TL;DR: Get up and running with a Linux / Windows laptop. Save up for a used Macbook Air 2012 while you learn and switch to OSX ASAP.
You’re in a tough spot. I know because I was you in Spring 2016.
The first question you need to ask is yourself is “what’s my end game?.” If your end game is to become a developer that writes ASP.NET OR C# apps - buy a cheap Windows machine. For everything else, keep reading.
I would suggest picking up a cheap Linux PC. If it’s just for learning how to code, you don’t need much in terms of performance. You could use a Windows PC, but you’re probably much better off using a Linux machine. Why Linux? Because if you’re serious about becoming a professional developer, at some point, you will have to learn how to use a terminal. Bash is the terminal that ships with both Linux AND OSX. When you land your first job, chances are they are going to give you a MacBook Pro. Chances are everyone around you is going to be using a MacBook Pro, too. If you can already use a Mac and Bash you will be one step ahead.
If you decide to roll with Windows, that can work too. You just need to install a Cygwin and a terminal emulator. Cygwin combined with a terminal emulator will allow you to use most of the native Bash commands in a Windows environment. For the record, that’s how I got my start. I was running Windows on a Lenovo laptop. I used a terminal emulator named Babun. The great thing about Babun is that comes with Cygwin installed. So you can avoid the headache of installing and configuring Cygwin. Just install Babun and you’re ready to rock.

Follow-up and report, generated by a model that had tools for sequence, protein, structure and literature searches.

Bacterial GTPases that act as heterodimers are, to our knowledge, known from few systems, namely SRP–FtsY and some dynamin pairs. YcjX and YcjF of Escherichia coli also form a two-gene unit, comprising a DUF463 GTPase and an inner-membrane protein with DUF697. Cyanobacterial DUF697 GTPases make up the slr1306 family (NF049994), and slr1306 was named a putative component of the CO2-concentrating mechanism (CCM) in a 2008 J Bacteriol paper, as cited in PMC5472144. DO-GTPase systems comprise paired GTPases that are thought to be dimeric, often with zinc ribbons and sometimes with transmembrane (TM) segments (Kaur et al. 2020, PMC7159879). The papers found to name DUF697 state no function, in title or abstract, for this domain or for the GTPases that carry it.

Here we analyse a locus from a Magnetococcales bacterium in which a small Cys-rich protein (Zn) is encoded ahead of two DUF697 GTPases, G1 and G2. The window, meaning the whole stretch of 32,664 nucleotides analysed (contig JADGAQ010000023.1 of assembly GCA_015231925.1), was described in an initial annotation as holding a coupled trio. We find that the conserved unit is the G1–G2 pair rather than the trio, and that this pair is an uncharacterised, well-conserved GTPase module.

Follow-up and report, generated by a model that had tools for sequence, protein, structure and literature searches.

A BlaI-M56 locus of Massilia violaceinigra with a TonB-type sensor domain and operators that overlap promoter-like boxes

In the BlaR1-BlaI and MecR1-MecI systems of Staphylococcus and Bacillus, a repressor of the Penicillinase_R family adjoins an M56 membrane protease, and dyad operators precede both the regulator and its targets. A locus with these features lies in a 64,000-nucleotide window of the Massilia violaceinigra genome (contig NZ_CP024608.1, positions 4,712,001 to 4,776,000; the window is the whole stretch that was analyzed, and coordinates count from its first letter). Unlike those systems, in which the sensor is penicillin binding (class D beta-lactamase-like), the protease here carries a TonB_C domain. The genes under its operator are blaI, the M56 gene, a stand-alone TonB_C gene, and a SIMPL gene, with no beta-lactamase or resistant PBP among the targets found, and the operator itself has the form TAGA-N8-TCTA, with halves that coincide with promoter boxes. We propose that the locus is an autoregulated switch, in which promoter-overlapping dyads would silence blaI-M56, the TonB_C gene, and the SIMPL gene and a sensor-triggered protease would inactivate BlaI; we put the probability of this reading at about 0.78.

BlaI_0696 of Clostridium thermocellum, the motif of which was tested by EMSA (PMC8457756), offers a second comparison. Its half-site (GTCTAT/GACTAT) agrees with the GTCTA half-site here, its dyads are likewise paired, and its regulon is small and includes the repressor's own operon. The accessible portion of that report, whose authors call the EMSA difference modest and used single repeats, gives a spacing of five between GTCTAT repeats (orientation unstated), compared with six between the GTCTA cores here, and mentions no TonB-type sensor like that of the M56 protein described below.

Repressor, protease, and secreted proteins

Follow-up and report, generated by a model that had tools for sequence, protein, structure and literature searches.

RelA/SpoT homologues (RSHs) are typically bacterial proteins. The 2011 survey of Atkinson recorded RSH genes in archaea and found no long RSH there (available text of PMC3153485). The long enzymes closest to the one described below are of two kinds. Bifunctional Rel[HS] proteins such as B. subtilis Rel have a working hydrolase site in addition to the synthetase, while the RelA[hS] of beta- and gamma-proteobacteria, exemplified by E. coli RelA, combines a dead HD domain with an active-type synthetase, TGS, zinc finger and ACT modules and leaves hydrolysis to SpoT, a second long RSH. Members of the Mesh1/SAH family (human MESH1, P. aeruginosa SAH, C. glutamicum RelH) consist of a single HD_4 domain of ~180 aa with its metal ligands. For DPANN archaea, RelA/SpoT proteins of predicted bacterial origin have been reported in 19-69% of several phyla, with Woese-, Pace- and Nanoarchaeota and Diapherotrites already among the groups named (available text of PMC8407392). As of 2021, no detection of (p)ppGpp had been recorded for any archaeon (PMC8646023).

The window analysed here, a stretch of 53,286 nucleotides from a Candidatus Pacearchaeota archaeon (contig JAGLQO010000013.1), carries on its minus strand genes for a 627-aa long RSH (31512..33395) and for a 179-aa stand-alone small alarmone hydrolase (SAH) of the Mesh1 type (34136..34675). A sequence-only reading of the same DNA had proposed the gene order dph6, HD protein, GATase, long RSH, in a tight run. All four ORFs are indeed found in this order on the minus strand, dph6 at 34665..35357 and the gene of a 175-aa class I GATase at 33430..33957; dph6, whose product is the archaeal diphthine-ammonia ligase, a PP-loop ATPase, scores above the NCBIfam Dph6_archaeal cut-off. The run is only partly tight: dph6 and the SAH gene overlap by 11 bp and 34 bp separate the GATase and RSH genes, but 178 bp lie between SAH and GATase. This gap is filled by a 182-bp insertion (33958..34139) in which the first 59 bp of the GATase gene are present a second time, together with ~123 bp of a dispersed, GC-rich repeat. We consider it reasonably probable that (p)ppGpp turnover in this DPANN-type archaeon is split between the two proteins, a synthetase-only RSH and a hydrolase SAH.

While you’re learning via Windows or Linux, try and save up for used Macbook Air 2012. As soon as you can, switch to Mac.
Some people will probably disagree with my me because they hate Apple. I used to hate Apple, too, until I started teaching myself web development. But I learned quickly that Mac is more or less the defacto OS for web development outside of the ASP.NET community. In the vast majority of web development tutorials, especially frontend tutorials, the lecturers are running OSX. Following along using a Linux machine is doable, I suppose. I know from experience that following along using a Windows PC is either difficult or impossible.
Furthermore, with respect to frontend development practically every popular tool supports OSX out of the box. Some can be configured to work with Windows or Linux, but in many cases, there is no support. You’re even handicapped working with designers if you’re on a Windows / Linux machine because of the rise of Sketch.
So, final words, get started with whatever you can and switch to Mac ASAP unless you specifically want to develop for .NET.
Regarding Chromebooks. It’s probably the worst option because you’re locked into the Google ecosystem and Chromebooks simply are not designed for software development. However, you could still get pretty far using a Chromebook and a cloud IDE that comes with a prepackaged development environment. If you end up going that route, I recommend Cloud9. It’s free and you spin up a fully-functioning development environment in minutes.